In many states, the coronavirus pandemic necessitated contingency plans allowing for a shift from in-person to remote activities. For some purposes, like most office jobs, the transition has been an adjustment, but doable and in some cases even preferable to commuting to a workplace. For example, at Microsoft, among other companies, productivity is up.
But for other purposes, like educating students, the dozens of conversations our teams have had with education clients (both K-12 schools and colleges) across the country indicate the move to remote learning has been much more challenging.
Every institution is unique, of course, but some themes emerged from our discussions, and we believe by sharing these commonalities we can start a conversation that will end with solutions. By working together, we believe schools and colleges can emerge from this crisis stronger and smarter. We’ll dive into these topics and more during our upcoming webinar on May 20th (register here), hosted by MGT’s own Senior Vice President of our Education Solutions Practice, Mike Raisor. He will talk with a panel of education leaders to answer many of these pressing questions encircling how do we “Get Back to School” in the Fall (successfully and efficiently).
Thin — or No — Contingency Plans
The pandemic — and the abruptness with which some institutions were required to transition to remote learning — revealed a lack of contingency plans. In some school districts, school secretaries and bookkeepers typically did not have laptops to take home and therefore did not have access to the financial system. In another situation, a bus driver who was delivering meals passed away from COVID-19, and that has caused difficulty in getting employees to work — there was no backup plan.
One silver lining of this pandemic could be educational organizations start developing more comprehensive contingency plans. Read what Mike Raisor had to say about this in more detail as he discussed his views on this topic in District Administration Magazine.
Despite the federal government approving stimulus packages that stretch into the billions of dollars, educational institutions still have widespread financial concerns. Some colleges and universities provided partial refunds of room and board fees and even parking fees since students only utilized services for approximately half of the spring semester. Other institutions have given essential workers a 25 percent raise while also paying all of their other staff, which is challenging with less revenue coming in. Hiring is frozen at all types of schools and colleges, and layoffs loom at many.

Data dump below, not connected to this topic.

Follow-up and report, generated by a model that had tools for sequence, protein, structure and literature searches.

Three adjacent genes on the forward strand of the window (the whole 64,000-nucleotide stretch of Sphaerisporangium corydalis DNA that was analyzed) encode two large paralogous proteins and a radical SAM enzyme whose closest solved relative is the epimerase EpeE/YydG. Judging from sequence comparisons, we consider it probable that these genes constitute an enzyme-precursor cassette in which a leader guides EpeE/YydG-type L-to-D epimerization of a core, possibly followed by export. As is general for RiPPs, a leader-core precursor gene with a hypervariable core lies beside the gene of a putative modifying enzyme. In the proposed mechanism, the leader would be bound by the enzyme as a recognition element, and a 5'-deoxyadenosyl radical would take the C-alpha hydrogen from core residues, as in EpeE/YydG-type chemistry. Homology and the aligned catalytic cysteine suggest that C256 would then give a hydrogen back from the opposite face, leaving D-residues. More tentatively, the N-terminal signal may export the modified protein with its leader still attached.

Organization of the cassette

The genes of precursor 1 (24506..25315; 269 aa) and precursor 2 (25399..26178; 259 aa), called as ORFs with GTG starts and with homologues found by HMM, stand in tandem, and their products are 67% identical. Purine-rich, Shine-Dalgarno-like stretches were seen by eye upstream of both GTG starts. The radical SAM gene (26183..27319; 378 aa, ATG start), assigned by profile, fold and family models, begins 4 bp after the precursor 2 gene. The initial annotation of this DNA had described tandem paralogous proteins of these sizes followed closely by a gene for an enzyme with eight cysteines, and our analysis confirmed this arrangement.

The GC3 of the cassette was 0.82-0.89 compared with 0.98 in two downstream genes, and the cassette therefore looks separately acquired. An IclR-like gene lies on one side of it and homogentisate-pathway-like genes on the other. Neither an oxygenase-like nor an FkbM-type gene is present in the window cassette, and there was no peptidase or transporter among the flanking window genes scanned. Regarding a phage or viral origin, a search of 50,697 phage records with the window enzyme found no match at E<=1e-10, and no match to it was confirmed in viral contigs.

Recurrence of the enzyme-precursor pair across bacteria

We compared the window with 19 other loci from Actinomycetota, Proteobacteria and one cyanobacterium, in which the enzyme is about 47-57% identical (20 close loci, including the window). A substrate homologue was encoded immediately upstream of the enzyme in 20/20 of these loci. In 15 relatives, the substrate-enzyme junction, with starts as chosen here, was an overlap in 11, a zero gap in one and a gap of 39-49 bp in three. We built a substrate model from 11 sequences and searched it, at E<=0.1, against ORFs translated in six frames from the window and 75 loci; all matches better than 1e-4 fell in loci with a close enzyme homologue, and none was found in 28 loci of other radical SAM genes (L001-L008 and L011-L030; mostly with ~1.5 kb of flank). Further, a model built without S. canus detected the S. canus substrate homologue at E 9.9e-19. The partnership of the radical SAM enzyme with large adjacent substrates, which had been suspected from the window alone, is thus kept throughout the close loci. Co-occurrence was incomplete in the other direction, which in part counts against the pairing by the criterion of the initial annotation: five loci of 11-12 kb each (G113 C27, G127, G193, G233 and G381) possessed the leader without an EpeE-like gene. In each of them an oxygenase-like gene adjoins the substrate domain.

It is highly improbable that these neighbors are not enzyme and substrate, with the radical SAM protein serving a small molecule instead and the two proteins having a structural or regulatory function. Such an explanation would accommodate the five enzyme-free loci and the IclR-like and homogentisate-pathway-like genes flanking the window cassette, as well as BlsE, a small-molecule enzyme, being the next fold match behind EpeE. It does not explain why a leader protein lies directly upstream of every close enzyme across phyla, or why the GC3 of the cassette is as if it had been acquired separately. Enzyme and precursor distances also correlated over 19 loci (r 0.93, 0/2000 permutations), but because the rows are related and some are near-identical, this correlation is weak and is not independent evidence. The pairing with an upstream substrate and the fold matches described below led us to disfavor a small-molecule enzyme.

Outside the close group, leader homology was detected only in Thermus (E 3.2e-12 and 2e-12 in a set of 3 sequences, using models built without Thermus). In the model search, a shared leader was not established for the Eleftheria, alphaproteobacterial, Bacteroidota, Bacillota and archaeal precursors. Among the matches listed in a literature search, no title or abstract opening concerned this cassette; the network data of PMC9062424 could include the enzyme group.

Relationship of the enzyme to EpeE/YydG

Disruption Now, Uncertainty Ahead
At some colleges and universities, the pandemic interrupted science lab work and research projects, meaning they will need to be redone or canceled outright. The tenure track for faculty has been delayed one and sometimes two years. K-12 teachers are stretched even thinner than usual as many of them try to look after their own children while preparing and delivering lessons to students, many of whom oftentimes do not show up (due to technology or other limitations). And some school staff, including teachers, are not accustomed to relying so heavily on technology to do their jobs. More than one educator told us that “everything is taking twice as long as it normally does.”
And the future is full of question marks. Colleges don’t know how many students will show up in the fall. Many colleges and K-12 schools don’t know when or how they will reopen. Reopening may involve additional expenses — more devices, more cleaning supplies, and so on — that will put further strain on budgets.
The Road Ahead
As schools focus on countless logistical challenges and managing their internal and external communications, MGT can help with the “everything else”. That’s why we’re here. This is what we do. Contact any one of our Education Solutions team members and we stand ready to support and provide advice, or simply a friendly ear to listen and share your concerns.